Driving in southern Africa can be great fun but it is not without its challenges. I was rather fortunate in that I was a UK Police Class One Advanced car driver and motorcyclist so had a good grounding in various aspects of driving.
The unfortunate reality is that in one or two countries, particularly South Africa, the risk of hijacking is a real, albeit rare, possibility and one needs to be aware of this and drive accordingly. Be very aware of vehicles around you, especially those behind, and suspect every one. If you come to a halt, leave sufficient room behind the car in front to drive around it. And work out an escape route, just in case.
With the Land Rover I knew I could push myself out of danger and have an escape route where others, hopefully, could not follow. Some vehicles have anti-hijacking devices such as engine cut-out down the road, but apparently the hijackers are wise to many of the methods and will take a hostage to reactivate the vehicle. If you happen to get yourself in a situation of being held up at gun point, all I can recommend is that you hand over the car keys rather than risk your life.
It is a very good idea to keep all the doors locked when driving and to shut all windows when in town, as we found out to our cost in a busy Lusaka street when our phone was snatched, whilst stationary, through a 4 inch gap at the top of the passenger's window. Be very wary of individuals trying to distract you.
This awareness should exist at all times when out and about in a crowd in much the same way as you should in the UK.
The risks must be put into perspective - during our trip we only had this one incidence of the phone snatch and only once in South Africa did I feel uncomfortable about a situation, when we were followed by two cars, overtaken, only to pass them in a lay-by, and then overtaken again: it came to nothing.
To be avoided if at all possible and do not attempt it unless you are a confident driver. In the dark, driving takes on a whole new perspective with hidden dangers: vehicles with one head light; vehicles with no head lights; vehicles with no rear lights; unlit broken down lorries and cars; pedal cycles without lights; pedestrians in dark clothing; unseen potholes; wandering domestic animals; wandering wild animals; ill defined road edges and junctions; reduced visibility due to dust; non-functioning and ignored traffic lights; to name but a few.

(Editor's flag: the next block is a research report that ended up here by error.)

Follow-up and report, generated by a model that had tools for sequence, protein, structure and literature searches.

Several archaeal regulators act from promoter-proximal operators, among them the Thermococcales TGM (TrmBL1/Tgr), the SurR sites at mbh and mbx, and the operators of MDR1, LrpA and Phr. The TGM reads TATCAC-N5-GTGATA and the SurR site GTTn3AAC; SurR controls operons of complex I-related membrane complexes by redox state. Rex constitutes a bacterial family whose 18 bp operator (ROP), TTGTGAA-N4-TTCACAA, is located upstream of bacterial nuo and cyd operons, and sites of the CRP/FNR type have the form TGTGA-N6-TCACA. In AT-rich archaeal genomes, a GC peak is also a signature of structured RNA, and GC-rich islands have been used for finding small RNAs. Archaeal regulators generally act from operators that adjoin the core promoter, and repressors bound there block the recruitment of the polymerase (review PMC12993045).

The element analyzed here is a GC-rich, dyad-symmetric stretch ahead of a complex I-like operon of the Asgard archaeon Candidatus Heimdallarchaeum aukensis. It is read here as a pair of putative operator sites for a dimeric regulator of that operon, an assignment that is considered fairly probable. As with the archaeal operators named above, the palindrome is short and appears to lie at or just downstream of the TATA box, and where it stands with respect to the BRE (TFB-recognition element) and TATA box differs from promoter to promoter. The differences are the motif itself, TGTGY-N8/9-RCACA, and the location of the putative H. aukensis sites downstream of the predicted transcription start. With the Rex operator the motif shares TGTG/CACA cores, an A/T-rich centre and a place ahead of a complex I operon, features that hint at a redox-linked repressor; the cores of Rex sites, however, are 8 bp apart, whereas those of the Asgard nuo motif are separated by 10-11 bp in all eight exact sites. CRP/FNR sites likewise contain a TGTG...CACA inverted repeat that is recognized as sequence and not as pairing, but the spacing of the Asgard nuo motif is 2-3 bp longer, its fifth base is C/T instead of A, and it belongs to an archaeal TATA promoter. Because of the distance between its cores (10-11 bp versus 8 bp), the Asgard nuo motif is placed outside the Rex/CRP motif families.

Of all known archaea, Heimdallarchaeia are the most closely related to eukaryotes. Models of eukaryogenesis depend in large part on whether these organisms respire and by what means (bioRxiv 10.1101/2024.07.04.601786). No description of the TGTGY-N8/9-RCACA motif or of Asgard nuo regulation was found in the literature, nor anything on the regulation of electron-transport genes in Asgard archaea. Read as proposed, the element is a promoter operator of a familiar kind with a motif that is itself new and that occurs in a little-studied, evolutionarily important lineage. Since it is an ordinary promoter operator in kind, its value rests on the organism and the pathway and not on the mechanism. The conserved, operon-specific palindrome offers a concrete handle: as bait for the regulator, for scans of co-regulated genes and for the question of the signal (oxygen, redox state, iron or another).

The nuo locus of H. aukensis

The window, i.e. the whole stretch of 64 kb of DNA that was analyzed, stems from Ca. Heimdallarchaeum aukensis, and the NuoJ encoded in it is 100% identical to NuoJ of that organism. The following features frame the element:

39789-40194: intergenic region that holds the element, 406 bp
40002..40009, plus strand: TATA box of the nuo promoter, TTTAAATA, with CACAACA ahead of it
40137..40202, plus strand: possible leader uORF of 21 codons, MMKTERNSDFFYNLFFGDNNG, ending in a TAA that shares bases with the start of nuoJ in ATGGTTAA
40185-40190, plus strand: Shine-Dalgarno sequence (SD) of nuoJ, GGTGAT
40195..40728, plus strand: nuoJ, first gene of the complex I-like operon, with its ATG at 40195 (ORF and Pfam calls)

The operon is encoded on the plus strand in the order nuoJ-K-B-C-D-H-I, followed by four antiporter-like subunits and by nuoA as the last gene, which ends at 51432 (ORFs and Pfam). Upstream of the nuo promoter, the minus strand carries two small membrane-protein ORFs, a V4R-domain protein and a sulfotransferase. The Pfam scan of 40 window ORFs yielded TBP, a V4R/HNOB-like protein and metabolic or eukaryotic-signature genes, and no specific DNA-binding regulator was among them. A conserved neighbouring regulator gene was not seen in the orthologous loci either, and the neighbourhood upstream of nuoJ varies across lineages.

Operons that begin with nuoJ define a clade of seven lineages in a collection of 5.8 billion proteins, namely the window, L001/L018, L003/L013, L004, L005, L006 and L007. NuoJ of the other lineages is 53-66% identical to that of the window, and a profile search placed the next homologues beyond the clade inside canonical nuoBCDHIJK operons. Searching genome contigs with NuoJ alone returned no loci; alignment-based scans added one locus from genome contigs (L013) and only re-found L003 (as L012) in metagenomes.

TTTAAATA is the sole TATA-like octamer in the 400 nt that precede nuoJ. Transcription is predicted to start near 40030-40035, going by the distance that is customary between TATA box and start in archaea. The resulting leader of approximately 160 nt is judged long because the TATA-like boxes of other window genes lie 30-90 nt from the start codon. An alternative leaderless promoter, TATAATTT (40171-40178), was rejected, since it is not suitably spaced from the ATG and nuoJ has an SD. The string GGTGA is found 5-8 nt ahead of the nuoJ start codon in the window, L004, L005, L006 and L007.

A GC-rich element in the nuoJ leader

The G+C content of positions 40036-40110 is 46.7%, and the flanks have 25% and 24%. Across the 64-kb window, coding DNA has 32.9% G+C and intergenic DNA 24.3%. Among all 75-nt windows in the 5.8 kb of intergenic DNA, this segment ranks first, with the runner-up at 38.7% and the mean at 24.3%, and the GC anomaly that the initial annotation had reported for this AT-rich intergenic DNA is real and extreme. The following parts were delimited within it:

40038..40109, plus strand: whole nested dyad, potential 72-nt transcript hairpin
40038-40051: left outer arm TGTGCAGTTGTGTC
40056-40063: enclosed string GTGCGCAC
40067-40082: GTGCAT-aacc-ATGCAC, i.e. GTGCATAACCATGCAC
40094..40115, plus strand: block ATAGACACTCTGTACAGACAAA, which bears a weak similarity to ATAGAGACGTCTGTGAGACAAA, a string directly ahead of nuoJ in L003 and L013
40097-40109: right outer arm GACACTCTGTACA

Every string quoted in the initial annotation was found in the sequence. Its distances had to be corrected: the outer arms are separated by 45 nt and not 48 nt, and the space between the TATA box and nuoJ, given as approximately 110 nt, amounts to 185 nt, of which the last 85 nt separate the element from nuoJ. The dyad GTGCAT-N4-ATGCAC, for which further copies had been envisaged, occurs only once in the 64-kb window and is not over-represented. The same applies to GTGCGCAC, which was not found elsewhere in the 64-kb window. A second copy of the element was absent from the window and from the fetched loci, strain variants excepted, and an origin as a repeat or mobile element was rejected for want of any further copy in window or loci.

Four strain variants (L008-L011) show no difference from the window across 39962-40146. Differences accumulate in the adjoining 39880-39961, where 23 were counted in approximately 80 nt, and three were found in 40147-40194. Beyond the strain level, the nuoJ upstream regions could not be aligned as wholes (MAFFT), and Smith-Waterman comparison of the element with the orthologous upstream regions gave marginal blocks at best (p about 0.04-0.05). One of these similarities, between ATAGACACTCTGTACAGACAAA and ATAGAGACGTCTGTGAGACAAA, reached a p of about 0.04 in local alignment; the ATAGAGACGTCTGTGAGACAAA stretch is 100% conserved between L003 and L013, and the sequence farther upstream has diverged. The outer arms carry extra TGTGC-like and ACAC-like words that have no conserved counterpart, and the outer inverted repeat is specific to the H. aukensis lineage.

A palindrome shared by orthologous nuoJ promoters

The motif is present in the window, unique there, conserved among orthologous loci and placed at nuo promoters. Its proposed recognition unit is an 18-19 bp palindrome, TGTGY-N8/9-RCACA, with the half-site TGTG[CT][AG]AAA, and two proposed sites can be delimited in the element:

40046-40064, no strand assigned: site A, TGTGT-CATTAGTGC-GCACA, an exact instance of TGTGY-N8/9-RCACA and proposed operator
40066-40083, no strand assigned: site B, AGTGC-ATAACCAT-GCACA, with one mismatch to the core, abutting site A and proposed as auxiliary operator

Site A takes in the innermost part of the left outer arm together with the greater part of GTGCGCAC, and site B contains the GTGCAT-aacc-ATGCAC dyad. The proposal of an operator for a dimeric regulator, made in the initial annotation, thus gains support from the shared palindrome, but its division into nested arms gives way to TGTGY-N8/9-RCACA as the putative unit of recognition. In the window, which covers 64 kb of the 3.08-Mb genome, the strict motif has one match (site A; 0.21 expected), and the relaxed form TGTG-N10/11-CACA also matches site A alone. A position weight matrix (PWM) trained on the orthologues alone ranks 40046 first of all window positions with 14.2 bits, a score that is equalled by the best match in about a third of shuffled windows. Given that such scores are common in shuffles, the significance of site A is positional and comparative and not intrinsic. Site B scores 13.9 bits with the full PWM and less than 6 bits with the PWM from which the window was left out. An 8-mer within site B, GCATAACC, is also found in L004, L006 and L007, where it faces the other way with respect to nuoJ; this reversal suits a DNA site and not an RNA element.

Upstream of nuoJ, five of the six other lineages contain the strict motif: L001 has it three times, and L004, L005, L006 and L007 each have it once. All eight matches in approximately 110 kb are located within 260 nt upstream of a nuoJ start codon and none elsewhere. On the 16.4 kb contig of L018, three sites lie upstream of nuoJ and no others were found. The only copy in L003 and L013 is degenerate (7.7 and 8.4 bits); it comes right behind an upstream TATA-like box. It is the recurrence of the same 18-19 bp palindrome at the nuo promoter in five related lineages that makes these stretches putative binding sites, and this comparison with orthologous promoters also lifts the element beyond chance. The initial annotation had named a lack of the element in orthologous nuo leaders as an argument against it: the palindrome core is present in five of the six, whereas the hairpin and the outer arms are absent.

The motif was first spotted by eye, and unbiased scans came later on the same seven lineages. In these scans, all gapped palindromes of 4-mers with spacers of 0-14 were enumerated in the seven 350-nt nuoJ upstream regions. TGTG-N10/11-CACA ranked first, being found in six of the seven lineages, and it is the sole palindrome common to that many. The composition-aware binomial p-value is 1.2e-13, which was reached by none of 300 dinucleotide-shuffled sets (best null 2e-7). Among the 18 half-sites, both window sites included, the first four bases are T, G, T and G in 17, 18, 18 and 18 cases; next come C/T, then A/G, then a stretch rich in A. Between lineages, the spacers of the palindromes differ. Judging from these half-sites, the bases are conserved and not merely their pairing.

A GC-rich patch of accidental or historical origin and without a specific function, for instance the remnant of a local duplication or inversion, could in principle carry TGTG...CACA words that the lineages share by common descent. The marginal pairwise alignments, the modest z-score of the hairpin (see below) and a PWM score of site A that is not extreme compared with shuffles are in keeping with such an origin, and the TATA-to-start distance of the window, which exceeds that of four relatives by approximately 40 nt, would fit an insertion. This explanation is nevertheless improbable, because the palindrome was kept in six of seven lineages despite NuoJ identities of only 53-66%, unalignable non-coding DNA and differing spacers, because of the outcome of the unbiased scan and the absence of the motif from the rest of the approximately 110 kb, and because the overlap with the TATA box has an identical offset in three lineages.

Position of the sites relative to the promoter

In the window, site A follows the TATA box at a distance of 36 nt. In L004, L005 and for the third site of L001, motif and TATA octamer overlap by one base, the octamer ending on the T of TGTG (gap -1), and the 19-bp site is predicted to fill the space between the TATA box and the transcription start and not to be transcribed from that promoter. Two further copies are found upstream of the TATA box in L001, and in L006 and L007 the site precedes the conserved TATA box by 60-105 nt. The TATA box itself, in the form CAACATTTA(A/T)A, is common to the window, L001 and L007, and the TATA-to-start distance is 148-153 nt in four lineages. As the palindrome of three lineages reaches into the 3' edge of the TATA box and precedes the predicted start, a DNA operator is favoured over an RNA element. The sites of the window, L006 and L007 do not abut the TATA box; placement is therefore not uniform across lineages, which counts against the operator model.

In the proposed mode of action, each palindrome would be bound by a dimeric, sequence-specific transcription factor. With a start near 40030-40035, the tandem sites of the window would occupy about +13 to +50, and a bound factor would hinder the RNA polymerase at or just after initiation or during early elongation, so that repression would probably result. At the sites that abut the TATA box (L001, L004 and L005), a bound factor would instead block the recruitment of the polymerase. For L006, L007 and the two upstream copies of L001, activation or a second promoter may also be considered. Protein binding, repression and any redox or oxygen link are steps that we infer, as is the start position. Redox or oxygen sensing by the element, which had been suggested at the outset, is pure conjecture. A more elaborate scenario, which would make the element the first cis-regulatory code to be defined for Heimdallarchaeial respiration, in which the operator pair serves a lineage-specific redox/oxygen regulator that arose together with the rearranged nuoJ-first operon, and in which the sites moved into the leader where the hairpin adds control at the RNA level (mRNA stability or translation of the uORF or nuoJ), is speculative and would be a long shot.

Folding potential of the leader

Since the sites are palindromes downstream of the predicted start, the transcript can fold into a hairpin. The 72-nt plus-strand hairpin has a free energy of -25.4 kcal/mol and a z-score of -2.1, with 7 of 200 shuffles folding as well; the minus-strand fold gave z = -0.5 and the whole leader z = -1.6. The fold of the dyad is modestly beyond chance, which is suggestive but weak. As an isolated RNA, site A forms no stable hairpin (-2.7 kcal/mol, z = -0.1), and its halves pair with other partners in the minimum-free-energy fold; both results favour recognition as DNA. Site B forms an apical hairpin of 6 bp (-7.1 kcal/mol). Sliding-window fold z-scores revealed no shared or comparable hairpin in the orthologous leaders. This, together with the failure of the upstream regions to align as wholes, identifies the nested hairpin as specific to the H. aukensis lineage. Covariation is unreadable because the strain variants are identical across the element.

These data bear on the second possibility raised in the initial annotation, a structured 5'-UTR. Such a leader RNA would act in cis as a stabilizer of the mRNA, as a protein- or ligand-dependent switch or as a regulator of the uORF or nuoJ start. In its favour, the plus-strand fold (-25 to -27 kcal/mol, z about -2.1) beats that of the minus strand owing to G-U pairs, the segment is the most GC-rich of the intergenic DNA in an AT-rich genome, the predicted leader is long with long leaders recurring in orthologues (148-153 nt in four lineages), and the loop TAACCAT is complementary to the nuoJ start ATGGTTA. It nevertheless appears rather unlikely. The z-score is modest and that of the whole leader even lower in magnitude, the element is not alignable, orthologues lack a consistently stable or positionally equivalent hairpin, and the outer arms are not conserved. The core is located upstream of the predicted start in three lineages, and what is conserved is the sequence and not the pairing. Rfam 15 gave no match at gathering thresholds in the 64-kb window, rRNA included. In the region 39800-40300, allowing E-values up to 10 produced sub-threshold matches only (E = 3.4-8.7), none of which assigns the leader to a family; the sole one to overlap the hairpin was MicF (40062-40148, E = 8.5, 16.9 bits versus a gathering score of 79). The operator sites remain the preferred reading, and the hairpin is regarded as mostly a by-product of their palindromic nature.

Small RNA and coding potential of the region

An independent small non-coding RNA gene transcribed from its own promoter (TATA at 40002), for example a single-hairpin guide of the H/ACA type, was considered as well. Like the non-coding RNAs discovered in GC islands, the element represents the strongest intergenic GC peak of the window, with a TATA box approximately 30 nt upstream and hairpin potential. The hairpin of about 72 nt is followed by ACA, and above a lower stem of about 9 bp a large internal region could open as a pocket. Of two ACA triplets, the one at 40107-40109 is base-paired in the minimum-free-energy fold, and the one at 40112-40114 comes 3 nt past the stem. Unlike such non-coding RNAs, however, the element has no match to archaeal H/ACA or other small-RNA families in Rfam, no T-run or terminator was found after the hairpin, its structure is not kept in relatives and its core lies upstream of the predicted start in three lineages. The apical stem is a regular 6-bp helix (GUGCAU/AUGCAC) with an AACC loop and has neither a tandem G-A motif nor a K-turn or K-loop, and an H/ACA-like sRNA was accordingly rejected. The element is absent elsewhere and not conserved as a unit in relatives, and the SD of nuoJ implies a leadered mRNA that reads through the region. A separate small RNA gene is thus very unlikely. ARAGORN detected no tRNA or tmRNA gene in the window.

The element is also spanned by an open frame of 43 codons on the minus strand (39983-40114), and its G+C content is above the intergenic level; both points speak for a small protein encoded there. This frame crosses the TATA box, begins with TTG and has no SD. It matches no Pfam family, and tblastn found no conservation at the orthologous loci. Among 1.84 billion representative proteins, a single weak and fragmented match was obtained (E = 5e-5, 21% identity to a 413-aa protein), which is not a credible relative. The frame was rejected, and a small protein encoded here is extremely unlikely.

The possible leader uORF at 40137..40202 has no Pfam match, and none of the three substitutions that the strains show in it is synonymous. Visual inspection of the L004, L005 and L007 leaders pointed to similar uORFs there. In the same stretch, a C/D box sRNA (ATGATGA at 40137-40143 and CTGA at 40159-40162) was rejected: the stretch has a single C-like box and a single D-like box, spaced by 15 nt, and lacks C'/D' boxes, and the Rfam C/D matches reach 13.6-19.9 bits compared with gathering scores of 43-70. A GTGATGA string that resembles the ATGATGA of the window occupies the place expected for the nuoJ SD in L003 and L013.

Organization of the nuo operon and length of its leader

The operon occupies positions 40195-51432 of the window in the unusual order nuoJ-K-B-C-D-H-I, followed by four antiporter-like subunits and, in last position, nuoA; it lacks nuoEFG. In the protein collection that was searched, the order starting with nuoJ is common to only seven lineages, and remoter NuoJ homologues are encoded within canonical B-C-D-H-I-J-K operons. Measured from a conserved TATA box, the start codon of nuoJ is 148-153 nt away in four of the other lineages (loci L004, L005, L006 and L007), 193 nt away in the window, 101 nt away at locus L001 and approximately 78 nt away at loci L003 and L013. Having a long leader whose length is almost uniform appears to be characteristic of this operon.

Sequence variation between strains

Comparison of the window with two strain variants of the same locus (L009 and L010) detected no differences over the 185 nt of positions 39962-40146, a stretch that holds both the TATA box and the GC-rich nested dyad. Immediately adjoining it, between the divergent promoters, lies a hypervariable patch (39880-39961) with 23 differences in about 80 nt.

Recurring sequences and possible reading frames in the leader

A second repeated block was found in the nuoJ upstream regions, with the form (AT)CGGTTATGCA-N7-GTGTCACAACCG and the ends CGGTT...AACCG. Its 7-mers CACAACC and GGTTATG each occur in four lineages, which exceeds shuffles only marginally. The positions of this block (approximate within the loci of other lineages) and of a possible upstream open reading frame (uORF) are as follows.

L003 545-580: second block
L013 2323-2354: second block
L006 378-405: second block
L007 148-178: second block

We ended up driving at night a few times, both on major roads and in cities, both of which were an experience and challenging. On the open road good lights are a must and my additional driving lights helped enormously, but best of all where the two top spot lights that can come on with main beam. Apart from the additional brightness, they were excellent at picking up potholes as the elevation meant the light shone into the hole casting a shadow allowing identification much sooner than low lights.
Bright lights are fine until you have to dip them, when you are plunged into darkness and in all probability dazzled by poorly adjusted lights of the oncoming vehicle. The risk now is of hitting unlit and obscured cyclists, pedestrians, animals, broken down vehicles, etc. What I did was to swivel the two top front work lamps to shine onto the nearside verge. These could be illuminated as required and picked up dangers marginally quicker giving a better chance of reacting sooner.
Away from the major roads many roads and tracks are gravel or sand. Gravel ones can be slippery with loose stones, so a reasonably slow speed is best; about 80 kph (50 mph) is fine. Some tracks, thanks to passing traffic, have their surfaces compacted into ‘corrugations’ just like a corrugated roof sheet and these, depending upon the spacing of the corrugations, can vary from annoying to bone-shaking.
Like a cattle grid, the faster you drive over it the smoother it becomes but there is a danger of going too fast and it should be borne in mind that even though the vehicle body is travelling smoothly, the wheels and suspension are not. Unfortunately, on some, the slower you go the worse the shaking effect.
On deep sand it is a question of balancing momentum with safety and basically letting the vehicle steer itself in the ruts, with the driver loosely holding the steering wheel. It is easy to get the steering wheel 360 degrees out and end up with the front tyres at an angle ploughing through the sand: not good for fuel consumption. Letting go of the steering wheel will soon straighten up the wheels but be prepared!
Reducing the tyres significantly, down to 1 bar if need be, increases the tyre footprint by making the tread that is in contact with the surface a little wider but much longer and thus spreading the vehicle weight over a greater surface area, just like a snowshoe. Be aware of increased sidewall vulnerability.
Some tracks and routes we experienced were serious off-roading ones, including deep water crossings and a fairly high degree of experience is essential if you are to stay out of trouble, especially if you are solo travelling in remote areas, as we were.
There are plenty of books on the subject - If not adept - get some training.
In parks where we were game viewing with no time constraints, we tended to potter around in low box in second or third gear on tick-over. This way you stand a better chance of spotting things in and under bushes, for example, rather than rush and tear from one sighting to the next.
You need, however, to be aware of changing track conditions to avoid getting stuck in sand or mud, as well as having a healthy respect for the bigger animals and avoid getting trapped. We spent quite some time just sitting up alongside waterholes waiting for the wildlife to appear. That seemed to be quite productive.